JACKSON, Wyo. — Pedigree Stage Stop Sled Dog Race organizers are excited about the 2020 race schedule and total possible payout of $165,000 in prize money. The “Wyoming Stage Stop” enters its 25th year when it kicks off this Friday night as teams race down the snow-packed downtown streets of Jackson as they have every year since the inaugural running in 1996.
Opening night will have plenty of fanfare. Festivities include prize giveaways, a food truck, live entertainment, and new this year – a laser light show!
And don’t look now but you might be caught on camera. To highlight the 25-year milestone, the race organizers contracted with Angelos Media of Park City, Utah to produce a documentary film showcasing this unique event, the dedication of the competitors, and the inspirational relationship they share with their dogs.
Race director Dan Carter noted, “This film project gives us the opportunity to present the story of the Stage Stop Race like never before. The sublime backdrop of the western Wyoming wilderness will, no doubt, be visually stunning and provide the viewer with an up-close, in-depth look into what it takes to put on and run in the Stage Stop Race.”
Cofounder and executive race director Frank Teasley came up with the idea for a “stage stop” race in Wyoming more than 25 years ago. He partnered with Wyoming Public Health in 1996 to bring even more depth to the race.
“This race promotes good health for all of us, and we also have a lot of fun doing it,” Teasley said. “The Pedigree Stage Stop Race format gives spectators remarkable access to the sport and all its athletes — two and four-legged.”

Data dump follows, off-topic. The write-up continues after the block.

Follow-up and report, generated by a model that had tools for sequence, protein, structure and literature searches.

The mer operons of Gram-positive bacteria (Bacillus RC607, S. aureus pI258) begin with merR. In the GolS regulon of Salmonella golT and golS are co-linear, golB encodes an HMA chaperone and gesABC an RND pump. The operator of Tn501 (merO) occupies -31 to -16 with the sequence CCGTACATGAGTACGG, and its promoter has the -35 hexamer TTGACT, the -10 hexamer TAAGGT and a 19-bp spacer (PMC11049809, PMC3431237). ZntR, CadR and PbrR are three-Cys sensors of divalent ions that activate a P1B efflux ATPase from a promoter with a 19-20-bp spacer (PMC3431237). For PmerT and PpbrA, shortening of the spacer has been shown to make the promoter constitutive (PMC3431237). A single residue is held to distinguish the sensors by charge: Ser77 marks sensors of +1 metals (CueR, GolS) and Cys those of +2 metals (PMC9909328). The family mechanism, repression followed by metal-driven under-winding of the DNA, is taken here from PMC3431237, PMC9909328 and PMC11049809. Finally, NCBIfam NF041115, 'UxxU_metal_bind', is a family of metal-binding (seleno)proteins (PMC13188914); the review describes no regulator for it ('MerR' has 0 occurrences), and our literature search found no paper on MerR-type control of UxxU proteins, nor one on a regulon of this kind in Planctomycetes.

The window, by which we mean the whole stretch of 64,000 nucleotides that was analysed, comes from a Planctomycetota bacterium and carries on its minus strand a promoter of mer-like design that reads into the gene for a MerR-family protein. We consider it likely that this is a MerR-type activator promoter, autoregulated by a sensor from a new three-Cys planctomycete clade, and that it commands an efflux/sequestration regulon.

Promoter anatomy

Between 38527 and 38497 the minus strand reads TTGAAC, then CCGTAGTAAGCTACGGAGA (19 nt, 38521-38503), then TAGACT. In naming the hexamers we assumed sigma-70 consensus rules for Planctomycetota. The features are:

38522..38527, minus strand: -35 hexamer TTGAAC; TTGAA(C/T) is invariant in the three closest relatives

Some 25 mushers will compete in “stage” format racing for day money, overall payout, and the title of Stage Stop Champion. Hosted by eight western Wyoming communities with race courses spanning seven USFS Ranger Districts, the race routes traverse remote terrain encompassing nearly 250 miles of trails within six major mountain ranges.
2020 Race Dates and Schedule (All stages are 30 to 35 miles)
The sole local competitor is Bondurant’s Alix Crittenden. Allan Berge is the only other musher from Wyoming. Three Canadian entries make this a truly international event. Easterners? Yeah, we’ve got them as well—two racers from Vermont.
The youngest competitor is first-time stage stopper Elliot Rivest, 15. But watch out for 17-year-old Maria Torgerson, the daughter of longtime musher David Torgerson who finished 5th overall last year; she has mushing in her blood. At the other end of the age spectrum, Jeff Conn may be the oldest competitor at 67, but that didn’t slow him much last year when he finished 4th. Six of the 18 mushers are women.
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